Come January, I’ll join the marketing team for LÄRABAR, a brand that I have been evangelizing on my own for years. I am leaving an incredible company for another incredible company, which is not lost on me: this basically makes me the luckiest girl in the world. This is one of those moments where I can look back and see how the complicated, jagged-edged pieces have fit together perfectly, creating a gigantic flashing arrow, pointing me toward this next step.

So my suitcase may be emptier – but as much as my heart is tempted to feel the same (after all, I am giving up what has been a very good thing), it’s actually full to overflowing. I will spend the next week with some of my favorite people in Nashville, and then gently close the door on what has been a beautiful season in my life.

The goodbye is bittersweet, but the future feels warm and bright. In fact, my heart is exploding with sprinkles.

Just don’t tell TSA.

Holy môlé

Monday, March 14th, 2011

The LÄRABAR weekend has come and gone – and all I can say is that I want to go back to the land of palm trees and free samples.

It was amazing.  Basically the greatest ever.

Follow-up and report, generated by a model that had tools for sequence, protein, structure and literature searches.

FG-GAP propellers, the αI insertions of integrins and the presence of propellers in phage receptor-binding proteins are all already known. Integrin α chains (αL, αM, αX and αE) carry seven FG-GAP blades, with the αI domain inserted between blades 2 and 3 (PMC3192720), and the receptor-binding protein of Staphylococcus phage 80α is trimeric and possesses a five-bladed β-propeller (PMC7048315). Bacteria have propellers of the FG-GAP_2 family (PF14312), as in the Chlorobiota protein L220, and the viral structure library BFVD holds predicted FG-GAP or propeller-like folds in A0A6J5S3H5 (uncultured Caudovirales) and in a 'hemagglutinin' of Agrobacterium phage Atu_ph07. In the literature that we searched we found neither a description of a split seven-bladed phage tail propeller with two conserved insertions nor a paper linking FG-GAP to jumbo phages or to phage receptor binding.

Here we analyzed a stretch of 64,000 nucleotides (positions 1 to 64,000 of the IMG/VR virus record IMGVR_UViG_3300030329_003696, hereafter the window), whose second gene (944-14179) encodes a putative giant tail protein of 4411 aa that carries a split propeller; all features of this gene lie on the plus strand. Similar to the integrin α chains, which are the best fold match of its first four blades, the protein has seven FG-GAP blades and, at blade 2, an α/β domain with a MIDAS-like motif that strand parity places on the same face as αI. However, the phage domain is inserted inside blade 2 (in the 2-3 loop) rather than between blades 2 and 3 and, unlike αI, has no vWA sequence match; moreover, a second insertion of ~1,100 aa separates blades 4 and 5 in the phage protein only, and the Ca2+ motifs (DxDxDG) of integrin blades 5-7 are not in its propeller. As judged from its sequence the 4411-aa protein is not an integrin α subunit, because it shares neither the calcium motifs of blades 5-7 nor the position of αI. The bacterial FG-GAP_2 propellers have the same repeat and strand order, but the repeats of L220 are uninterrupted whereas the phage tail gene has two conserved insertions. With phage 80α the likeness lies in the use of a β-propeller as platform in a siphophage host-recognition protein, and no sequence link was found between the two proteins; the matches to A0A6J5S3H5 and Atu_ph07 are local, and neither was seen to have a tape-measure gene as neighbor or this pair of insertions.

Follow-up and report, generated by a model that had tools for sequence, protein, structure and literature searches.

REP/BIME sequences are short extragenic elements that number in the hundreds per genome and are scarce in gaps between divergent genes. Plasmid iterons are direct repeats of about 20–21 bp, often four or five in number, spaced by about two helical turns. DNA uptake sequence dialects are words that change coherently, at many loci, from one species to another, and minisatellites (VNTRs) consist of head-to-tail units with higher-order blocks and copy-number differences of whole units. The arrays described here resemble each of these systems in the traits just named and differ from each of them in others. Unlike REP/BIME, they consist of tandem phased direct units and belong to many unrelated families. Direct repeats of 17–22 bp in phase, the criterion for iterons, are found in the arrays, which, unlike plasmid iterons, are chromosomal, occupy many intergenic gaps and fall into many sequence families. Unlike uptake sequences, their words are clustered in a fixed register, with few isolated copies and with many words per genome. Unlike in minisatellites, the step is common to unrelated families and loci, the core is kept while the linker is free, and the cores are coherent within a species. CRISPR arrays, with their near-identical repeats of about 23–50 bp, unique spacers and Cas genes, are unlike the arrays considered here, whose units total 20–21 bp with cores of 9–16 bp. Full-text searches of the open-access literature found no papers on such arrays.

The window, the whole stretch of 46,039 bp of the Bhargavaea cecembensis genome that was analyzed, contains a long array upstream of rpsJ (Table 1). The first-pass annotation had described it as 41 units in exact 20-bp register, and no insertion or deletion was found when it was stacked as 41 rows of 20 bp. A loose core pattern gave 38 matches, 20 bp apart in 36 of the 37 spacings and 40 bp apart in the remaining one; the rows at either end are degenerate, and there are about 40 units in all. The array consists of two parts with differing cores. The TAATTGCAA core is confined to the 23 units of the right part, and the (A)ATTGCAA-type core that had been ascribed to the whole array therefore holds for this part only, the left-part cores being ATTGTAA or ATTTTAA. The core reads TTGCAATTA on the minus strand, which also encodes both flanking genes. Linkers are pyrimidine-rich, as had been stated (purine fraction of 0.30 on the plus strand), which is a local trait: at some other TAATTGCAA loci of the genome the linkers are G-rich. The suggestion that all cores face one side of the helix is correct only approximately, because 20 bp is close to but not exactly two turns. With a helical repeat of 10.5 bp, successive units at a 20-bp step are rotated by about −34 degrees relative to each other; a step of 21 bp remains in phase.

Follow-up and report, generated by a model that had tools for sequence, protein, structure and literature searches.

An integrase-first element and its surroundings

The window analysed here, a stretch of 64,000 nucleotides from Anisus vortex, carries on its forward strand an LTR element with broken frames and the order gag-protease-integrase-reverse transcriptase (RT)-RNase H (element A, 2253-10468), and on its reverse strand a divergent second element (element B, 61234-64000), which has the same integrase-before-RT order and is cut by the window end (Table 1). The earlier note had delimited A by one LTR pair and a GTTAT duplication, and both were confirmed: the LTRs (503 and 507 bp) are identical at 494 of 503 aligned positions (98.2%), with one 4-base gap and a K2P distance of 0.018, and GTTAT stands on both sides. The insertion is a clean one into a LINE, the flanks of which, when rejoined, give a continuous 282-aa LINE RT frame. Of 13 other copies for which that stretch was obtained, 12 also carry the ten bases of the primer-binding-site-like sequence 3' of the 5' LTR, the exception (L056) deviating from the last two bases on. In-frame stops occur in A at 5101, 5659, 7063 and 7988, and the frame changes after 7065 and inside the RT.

Want to hear one of the (many) LÄRABAR songs we sang (many times)?  Here you go.

We spent the morning in the sunshine, right by the entrance to the convention center, welcoming 56,000 attendees with songs about LÄRABAR.  In the afternoon, we moved inside to the brand booth (one of 3,000), and in between sets, would run around like (free range) chickens with our (happy, healthy) heads cut off, eating as many natural food samples as we could.  Some were amazing, some just needed some gluten or meat or something.

Here were a few of my favorite finds:
Alexia: Spicy Sweet Potato Fries
Svelte: Cappuccino protein drink
Redwood Hill Farm: Smoked Goat Milk Cheddar Cheese

And of course, when it comes to LÄRABAR, I am a humongous fan of:
Blueberry Muffin
Cashew Cookie
Cherry Pie

The highlight of the weekend was singing LÄRABAR songs to Lara herself.  The other highlight was meeting David, the inventor of Cocoa Môlé (I am his biggest fan).  The other highlight was being within arm’s reach of Fabio. The other highlight was when Matt, suddenly possessed with the theme of “natural foods,” accidentally said that our return flight was routed through “Las Vegan.”

The LÄRABAR team was a dream to work with, and I’m so thankful to have had the opportunity (and the new friends).  This will go down as one of those big surprise gifts in my life – something I never could have planned, but am so glad that it happened.